Biden set to deliver first joint address to Congress tonight

April 28, 2021
In The News

WASHINGTON, D.C. - President Joe Biden is set to deliver his first joint address to Congress Wednesday night, which comes on the eve of his 100th day in office. He is expected to unveil a new part of his multi-trillion-dollar infrastructure plan and attempt to win over Republican support as opposition to the steep price tag grows on Capitol Hill.

Due to the coronavirus pandemic and social distancing guidelines in the U.S. Capitol, the speech will look much different than normal. Among the changes tonight: just about 200 guests will be inside the U.S. House chamber, down from the much larger crowd of nearly 1,600 for the annual address. We’re told up to 140 lawmakers will be there, mostly party leaders and senior members. Chief Justice John Roberts will represent the Supreme Court.

In a historic first: two women – Vice President Kamala Harris and House Speaker Nancy Pelosi – will sit behind Biden during the speech.

There will be no in-person guests alongside First Lady Jill Biden tonight. We understand some guests will appear virtually.

One person who will attend in-person is U.S. Sen. Bob Casey (D-Pa.), a close Biden ally and chair of the Senate Aging Committee. Casey tells us he interested in hearing Biden unveil his new $1.8 trillion dollar “American Families Plan,” the second part of his sweeping infrastructure plan focusing on education and social safety nets. It follows the $2 trillion “American Jobs Plan” Biden previously introduced.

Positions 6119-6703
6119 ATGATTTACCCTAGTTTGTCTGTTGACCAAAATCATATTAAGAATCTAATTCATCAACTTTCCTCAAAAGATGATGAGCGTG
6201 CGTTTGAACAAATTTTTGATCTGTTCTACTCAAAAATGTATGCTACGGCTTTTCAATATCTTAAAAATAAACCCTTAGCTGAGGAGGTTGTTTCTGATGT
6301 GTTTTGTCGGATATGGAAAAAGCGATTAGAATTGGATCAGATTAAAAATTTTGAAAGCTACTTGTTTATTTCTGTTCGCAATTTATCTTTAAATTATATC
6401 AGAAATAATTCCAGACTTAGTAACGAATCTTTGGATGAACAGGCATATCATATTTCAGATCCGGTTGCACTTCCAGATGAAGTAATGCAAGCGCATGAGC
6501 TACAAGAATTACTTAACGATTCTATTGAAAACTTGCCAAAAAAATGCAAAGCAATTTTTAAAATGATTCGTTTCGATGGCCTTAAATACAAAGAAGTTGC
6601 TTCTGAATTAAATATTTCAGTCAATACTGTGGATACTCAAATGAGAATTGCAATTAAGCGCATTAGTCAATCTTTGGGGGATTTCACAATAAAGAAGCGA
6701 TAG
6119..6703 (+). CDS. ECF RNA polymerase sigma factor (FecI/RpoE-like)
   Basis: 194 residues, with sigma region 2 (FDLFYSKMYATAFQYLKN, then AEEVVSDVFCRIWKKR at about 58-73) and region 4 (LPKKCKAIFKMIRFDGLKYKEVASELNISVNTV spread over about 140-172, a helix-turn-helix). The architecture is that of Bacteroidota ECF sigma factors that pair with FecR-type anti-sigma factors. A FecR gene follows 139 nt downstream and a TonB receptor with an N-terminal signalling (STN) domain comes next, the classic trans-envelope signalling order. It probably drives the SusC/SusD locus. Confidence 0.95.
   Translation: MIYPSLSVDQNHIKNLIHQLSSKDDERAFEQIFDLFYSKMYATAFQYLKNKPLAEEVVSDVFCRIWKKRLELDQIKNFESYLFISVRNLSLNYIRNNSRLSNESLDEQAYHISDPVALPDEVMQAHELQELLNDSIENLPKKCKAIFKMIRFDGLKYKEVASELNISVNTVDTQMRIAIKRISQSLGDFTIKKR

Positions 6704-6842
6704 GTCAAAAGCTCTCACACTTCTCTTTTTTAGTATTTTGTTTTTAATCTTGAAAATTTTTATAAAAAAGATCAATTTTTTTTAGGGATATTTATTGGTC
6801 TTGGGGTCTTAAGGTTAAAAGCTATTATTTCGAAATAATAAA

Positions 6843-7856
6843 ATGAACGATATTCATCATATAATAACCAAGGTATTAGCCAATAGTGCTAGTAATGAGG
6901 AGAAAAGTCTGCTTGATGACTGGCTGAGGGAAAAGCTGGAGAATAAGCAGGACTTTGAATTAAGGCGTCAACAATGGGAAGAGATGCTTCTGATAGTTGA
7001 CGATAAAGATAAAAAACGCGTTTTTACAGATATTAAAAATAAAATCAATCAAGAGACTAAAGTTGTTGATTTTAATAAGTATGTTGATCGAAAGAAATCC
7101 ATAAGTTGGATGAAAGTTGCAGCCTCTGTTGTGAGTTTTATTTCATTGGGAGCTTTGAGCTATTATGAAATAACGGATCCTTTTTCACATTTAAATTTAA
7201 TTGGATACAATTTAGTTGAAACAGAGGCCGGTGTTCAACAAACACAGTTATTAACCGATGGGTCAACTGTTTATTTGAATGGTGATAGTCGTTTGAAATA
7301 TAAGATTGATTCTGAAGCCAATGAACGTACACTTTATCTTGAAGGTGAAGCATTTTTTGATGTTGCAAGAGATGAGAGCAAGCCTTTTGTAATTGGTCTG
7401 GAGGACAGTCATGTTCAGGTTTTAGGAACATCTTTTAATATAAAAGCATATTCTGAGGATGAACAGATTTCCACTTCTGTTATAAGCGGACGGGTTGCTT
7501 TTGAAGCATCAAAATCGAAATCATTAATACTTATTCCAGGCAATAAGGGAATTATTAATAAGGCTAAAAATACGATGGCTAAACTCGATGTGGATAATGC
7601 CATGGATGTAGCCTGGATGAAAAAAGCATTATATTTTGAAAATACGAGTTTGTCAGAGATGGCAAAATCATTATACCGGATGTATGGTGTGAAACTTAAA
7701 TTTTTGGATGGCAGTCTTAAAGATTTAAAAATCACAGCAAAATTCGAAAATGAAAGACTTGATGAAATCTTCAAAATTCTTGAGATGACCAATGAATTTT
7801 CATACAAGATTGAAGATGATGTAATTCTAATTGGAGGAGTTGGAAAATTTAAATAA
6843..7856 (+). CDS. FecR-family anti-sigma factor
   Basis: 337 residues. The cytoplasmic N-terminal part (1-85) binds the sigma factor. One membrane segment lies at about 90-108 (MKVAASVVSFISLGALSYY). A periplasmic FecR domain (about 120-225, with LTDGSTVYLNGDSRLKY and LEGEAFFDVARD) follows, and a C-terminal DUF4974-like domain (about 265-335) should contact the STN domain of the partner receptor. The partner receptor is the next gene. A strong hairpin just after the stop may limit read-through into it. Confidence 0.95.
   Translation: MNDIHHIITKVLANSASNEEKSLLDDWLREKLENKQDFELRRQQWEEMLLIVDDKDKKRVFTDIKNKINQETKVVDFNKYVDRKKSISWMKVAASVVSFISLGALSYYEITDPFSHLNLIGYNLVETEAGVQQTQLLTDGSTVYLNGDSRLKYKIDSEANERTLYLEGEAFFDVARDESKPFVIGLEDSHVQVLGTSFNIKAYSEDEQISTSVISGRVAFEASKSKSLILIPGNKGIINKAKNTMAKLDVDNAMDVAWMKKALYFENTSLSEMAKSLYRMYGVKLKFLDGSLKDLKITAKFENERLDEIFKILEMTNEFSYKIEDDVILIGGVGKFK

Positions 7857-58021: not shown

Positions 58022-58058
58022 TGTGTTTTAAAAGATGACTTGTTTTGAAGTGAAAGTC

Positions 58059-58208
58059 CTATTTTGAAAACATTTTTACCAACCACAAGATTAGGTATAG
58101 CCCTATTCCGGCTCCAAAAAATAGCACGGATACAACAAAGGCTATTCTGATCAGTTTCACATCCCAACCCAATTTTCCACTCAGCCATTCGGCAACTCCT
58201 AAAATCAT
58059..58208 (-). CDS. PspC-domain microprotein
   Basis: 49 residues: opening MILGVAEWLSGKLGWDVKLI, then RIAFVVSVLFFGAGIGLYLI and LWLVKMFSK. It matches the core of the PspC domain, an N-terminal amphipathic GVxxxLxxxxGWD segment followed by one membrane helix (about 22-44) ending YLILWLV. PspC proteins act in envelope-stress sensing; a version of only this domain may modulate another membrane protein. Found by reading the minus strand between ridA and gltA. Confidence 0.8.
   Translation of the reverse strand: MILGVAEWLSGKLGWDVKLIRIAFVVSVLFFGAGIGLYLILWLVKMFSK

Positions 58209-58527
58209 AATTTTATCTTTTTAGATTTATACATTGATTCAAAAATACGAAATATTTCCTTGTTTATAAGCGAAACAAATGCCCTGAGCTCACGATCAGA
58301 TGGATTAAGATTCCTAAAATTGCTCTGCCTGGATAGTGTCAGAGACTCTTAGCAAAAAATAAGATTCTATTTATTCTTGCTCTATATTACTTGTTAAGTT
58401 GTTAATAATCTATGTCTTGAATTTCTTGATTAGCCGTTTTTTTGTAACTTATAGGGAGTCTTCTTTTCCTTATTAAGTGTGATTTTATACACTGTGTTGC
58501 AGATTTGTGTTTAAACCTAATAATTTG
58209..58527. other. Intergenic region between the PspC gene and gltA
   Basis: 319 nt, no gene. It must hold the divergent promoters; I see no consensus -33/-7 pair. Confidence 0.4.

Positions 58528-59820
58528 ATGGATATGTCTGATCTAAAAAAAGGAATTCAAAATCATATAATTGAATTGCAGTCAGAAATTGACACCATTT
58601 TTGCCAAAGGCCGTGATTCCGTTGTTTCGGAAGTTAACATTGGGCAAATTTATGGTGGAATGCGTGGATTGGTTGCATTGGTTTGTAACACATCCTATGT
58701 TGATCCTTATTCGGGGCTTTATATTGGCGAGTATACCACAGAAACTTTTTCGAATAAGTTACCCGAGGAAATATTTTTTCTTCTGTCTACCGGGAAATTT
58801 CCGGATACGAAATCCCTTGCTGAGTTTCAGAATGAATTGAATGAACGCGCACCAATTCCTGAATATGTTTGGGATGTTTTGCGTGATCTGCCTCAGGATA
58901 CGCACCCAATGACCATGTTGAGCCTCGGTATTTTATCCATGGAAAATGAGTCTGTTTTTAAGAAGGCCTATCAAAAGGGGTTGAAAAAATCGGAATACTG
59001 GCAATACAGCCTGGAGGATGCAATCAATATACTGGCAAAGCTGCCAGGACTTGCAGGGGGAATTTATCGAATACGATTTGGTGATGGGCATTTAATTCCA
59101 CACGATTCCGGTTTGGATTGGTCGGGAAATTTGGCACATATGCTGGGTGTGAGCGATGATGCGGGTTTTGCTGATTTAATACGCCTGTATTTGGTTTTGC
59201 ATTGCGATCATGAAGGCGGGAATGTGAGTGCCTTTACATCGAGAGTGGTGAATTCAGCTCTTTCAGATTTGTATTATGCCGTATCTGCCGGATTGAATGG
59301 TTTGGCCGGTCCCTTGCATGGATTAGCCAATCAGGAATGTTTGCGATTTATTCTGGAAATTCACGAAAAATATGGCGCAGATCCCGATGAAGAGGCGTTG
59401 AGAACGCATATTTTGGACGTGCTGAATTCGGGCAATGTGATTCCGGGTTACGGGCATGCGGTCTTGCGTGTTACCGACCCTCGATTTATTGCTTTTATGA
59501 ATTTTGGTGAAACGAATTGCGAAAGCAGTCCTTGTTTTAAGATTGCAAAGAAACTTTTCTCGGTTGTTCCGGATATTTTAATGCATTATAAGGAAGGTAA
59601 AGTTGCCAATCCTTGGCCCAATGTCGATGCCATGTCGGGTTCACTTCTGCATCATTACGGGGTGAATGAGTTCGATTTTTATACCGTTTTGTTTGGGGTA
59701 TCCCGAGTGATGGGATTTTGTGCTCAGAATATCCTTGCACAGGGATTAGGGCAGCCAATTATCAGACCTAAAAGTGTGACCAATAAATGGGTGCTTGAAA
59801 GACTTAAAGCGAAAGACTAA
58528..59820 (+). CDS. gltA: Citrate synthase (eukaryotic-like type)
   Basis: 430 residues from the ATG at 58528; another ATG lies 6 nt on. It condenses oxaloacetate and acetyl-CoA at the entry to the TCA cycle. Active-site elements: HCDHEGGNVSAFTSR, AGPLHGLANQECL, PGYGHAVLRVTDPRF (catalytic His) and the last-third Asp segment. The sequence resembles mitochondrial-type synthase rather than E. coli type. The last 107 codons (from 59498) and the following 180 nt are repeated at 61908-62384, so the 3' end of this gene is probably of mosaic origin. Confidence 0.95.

“If you’re going to build back better instead of just rebuild,” Casey said, referring to the Biden phrase used on the campaign trail and in the White House, “you have to make investments that, frankly, we haven’t made in recent American history.”

New York Sen. Kirsten Gillibrand (D-N.Y.) will not be attending in-person. She supports the so-called “soft infrastructure” package that, rather than focusing on “hard infrastructure” like roads and bridges, focuses on child care, medical, and family issues.

“(Biden) has also talked about the soft infrastructure, the care economy,” Gillibrand said.
“Making sure we have national paid leave, making sure we have universal pre-K, affordable day care, invest in our hospitals and invest in our schools. Those are the kinds of investments that I think will get our country back in its feet again.”

South Carolina Sen. Tim Scott will deliver the Republican response once Biden wraps up.

Locally, U.S. Rep. Fred Keller (R-Pa.) is hoping to hear how the president plans to work with Republicans on his agenda moving forward.

“Actions speak louder than words, so he can stand up there at the State of the Union and say whatever he wants,” Keller said. “He said a lot of things on January 20th (Inauguration Day) that haven’t come to fruition.”

The president’s speech comes about two months later than expected, due partly to the pandemic and also security concerns here at the Capitol. A president’s first address to a joint session of Congress is called a “joint address” rather than a “State of the Union” address as the new administration traditionally learns what the status of the union is during their initial days in office.

Biden is set to speak at 9p.m. ET and will be nationally televised.